DHS told lawmakers it first suggested Dubai, the UAE’s largest city and glittering resort and business hub, for a pre-clearance facility, but it was the UAE that in turn suggested Abu Dhabi. U.S. airlines fly in and out of Dubai.
“There is now no guarantee that even if U.S. carriers wanted to serve Abu Dhabi UAE would let it,” Poe said.
Ranking Member Brad Sherman (D-Calif.) said the pre-clearance facility would subject just three planes a day to extra scrutiny.
“It is understandable that an agency of the federal government subject to sequester, subject to furloughs, subject to waiting times that deter economic activity and tourism to the United States would say, well, gee, can’t we get another source of revenue?” Sherman said of the UAE offering to chip in 80 percent of the CBP facility’s costs.
“But, if the net effect of this is to diminish the number of people who fly on U.S. carriers and to give an unfair advantage to the airline based in Abu Dhabi then what looks like a good deal for American taxpayers may in fact not be.”
McAleenan, testifying before the panel, said one reason Abu Dhabi was chosen is “to shut down different routes” for terrorists in the region.
“DHS and CBP engaged many governments in this region in response to the emerging aviation security threat from al-Qaeda in the Arabian Peninsula over the last several years there’s been ongoing conversations,” the CBP official said. “…A lot of these flights from source countries for extraneous activity are coming through the Arabian Peninsula. They are coming through the UAE and Abu Dhabi. We’d like to close off one of those outlets with our most strongest security program that we can project abroad.”
Lawmakers noted that it doesn’t stop terrorists from simply avoiding the pre-clearance outlet.
Sherman said he thinks the security benefit is “very slight.”
“It’s not like this person, if they chose to go to Lagos or Frankfurt on the way to the United States, would be subjected to that pre-clearance,” he said. “…So I think we have to evaluate this on an economic basis.”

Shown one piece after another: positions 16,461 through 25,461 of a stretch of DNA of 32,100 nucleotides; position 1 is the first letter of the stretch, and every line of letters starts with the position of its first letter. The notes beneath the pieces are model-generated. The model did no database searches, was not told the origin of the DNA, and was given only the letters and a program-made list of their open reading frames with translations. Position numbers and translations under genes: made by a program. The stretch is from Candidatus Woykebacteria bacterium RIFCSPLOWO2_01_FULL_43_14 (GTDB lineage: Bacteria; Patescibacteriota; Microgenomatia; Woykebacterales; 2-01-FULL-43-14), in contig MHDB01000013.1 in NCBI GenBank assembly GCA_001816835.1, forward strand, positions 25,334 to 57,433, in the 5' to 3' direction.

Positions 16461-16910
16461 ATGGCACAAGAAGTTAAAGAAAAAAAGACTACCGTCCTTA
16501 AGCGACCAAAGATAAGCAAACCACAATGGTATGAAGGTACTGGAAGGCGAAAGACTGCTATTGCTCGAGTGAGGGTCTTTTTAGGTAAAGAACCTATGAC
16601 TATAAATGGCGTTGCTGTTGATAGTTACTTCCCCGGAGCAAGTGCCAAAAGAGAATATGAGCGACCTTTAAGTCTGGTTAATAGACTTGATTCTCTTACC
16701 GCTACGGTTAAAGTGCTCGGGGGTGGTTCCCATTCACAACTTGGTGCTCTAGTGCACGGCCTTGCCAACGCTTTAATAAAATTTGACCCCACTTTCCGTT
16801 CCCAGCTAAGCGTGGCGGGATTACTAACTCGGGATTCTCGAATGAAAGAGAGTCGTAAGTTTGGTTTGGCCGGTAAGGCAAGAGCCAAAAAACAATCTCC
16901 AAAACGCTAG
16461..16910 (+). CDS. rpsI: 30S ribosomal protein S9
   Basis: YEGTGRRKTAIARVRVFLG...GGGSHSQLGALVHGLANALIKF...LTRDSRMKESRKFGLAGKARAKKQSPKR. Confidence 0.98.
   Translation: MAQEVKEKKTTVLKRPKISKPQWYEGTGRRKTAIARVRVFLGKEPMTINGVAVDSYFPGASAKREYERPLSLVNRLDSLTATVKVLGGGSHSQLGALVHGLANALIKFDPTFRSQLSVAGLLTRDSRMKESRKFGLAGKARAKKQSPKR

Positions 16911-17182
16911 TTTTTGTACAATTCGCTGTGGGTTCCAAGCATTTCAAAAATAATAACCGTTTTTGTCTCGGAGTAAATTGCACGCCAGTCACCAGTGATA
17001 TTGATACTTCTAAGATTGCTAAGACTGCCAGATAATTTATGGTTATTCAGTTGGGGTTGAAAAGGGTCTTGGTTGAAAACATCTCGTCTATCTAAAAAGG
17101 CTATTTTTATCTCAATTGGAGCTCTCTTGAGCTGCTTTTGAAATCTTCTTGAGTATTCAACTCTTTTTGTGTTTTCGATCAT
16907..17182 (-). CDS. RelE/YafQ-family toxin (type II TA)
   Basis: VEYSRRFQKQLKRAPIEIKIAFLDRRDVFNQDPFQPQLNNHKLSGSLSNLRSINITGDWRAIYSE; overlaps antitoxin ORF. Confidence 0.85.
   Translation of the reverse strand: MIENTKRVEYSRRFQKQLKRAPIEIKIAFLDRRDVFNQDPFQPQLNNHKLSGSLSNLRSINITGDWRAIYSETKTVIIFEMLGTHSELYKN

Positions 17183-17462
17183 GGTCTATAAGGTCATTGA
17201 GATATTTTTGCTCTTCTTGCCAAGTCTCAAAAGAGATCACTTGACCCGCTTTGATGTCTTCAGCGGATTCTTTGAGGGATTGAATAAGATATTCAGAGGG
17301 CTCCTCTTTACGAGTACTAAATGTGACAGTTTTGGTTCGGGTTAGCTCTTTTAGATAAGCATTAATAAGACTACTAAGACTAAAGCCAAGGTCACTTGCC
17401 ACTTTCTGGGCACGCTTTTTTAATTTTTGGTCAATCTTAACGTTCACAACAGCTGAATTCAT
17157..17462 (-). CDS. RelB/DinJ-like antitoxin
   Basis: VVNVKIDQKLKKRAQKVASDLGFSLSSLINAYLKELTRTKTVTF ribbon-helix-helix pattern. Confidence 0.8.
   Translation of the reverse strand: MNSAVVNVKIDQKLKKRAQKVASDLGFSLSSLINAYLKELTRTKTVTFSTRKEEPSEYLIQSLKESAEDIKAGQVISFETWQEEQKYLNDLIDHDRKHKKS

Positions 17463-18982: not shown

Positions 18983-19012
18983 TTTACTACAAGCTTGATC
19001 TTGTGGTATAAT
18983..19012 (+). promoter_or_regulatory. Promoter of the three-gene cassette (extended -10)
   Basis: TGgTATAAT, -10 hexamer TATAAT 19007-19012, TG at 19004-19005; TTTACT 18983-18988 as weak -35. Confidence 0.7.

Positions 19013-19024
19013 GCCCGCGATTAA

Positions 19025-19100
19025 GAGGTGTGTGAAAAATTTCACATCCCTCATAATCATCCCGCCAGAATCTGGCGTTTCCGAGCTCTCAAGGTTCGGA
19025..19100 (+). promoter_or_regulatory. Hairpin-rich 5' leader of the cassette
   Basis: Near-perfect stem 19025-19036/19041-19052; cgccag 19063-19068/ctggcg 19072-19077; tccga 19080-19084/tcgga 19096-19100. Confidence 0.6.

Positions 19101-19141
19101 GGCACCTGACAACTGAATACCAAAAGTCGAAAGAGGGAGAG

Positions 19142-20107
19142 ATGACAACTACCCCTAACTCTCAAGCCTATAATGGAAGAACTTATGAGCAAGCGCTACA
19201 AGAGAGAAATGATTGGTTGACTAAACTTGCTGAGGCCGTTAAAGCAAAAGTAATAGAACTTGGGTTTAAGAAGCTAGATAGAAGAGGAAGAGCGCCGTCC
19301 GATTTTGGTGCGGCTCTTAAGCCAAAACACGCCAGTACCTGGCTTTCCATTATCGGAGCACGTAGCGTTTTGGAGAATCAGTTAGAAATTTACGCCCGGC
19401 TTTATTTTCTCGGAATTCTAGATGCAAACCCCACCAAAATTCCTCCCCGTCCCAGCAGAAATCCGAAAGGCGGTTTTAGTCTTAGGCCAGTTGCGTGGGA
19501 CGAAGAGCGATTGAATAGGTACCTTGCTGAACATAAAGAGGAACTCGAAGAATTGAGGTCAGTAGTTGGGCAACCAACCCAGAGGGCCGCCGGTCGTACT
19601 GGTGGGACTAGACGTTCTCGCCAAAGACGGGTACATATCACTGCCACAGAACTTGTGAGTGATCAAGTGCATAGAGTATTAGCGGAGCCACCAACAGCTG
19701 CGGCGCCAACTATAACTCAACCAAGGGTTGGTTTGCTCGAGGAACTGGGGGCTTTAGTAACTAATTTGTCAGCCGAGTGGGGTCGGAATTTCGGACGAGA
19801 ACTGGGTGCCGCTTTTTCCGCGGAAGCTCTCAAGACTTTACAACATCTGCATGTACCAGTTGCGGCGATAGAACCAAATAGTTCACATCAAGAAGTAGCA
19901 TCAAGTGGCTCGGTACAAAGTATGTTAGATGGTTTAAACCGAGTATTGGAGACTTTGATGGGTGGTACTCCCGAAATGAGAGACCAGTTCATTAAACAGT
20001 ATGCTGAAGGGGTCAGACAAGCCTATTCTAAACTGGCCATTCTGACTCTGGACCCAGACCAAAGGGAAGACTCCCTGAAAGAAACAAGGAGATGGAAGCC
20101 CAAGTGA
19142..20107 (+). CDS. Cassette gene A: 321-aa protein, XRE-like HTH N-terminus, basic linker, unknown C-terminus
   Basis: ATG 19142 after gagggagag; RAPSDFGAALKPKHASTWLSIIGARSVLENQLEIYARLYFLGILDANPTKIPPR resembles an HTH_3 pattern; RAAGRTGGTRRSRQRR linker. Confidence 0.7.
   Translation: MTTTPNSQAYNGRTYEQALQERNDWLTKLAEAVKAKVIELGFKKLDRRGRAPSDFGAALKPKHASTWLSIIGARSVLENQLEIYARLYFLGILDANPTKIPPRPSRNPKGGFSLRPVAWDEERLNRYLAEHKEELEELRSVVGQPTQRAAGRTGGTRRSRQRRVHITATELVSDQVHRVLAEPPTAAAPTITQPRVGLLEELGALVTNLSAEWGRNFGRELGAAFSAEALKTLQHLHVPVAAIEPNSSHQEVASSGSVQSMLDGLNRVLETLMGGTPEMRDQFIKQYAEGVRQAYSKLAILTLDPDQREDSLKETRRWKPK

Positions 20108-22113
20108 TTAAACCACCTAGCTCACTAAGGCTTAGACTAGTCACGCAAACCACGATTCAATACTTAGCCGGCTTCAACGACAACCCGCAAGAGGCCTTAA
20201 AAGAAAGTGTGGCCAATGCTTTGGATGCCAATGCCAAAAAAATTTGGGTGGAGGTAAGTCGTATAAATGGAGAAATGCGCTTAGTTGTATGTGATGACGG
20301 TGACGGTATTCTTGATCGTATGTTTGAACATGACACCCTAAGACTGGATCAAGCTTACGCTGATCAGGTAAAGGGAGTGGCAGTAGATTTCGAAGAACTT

The head of the trade association for U.S. airlines, Nicholas Calio of Airlines for America, told the committee “it doesn’t matter that CBP’s claiming a national security — it’s also a matter of economic security, and they play into each other.”
“What we have here basically is the United States government picking winners and losers in the international aviation business, and the winners are the international competitors of U.S.-based airlines,” Calio said. “…For the UAE this is not a national security issue, it’s a commercial play. It’s about diverting traffic that otherwise would fly on American metal to their own planes for which they don’t have the population to fill.”
He noted that the UAE has on order twice as many new wide-body jets than the U.S. carriers have combined — and is looking for a way to fill them.
“These governments and their airlines have made clear publicly, repeatedly that their goal is to make airports like Abu Dhabi the world hub. They’ve further made clear that an integral part of the plan, in fact, the indispensable part of the plan is to do this by skimming international passengers from U.S. carriers,” Calio continued. “…So what we have here basically is the United States government facilitating the business strategy of these foreign governments and their airlines.”
President Obama called UAE Crown Prince of Abu Dhabi Mohammed bin Zayed Al Nahyan on Tuesday; the White House said the leaders focused on Egypt and “the strong partnership and friendship between the United States and the UAE.”
Lawmakers contend that partnership is blossoming at the expense of Americans.
“We have every confidence that U.S. airlines can be marketplace global leaders in commercial aviation – but that we cannot possibly expect them to succeed when this Administration helps foreign national carriers at the expense of domestic airlines,” said the Meehan-DeFazio letter to Napolitano.
“Providing explicit support for a government-owned foreign competitor by opening a CBP Preclearance facility in Abu Dhabi is wrongheaded, and we strongly urge you to abandon this agreement.”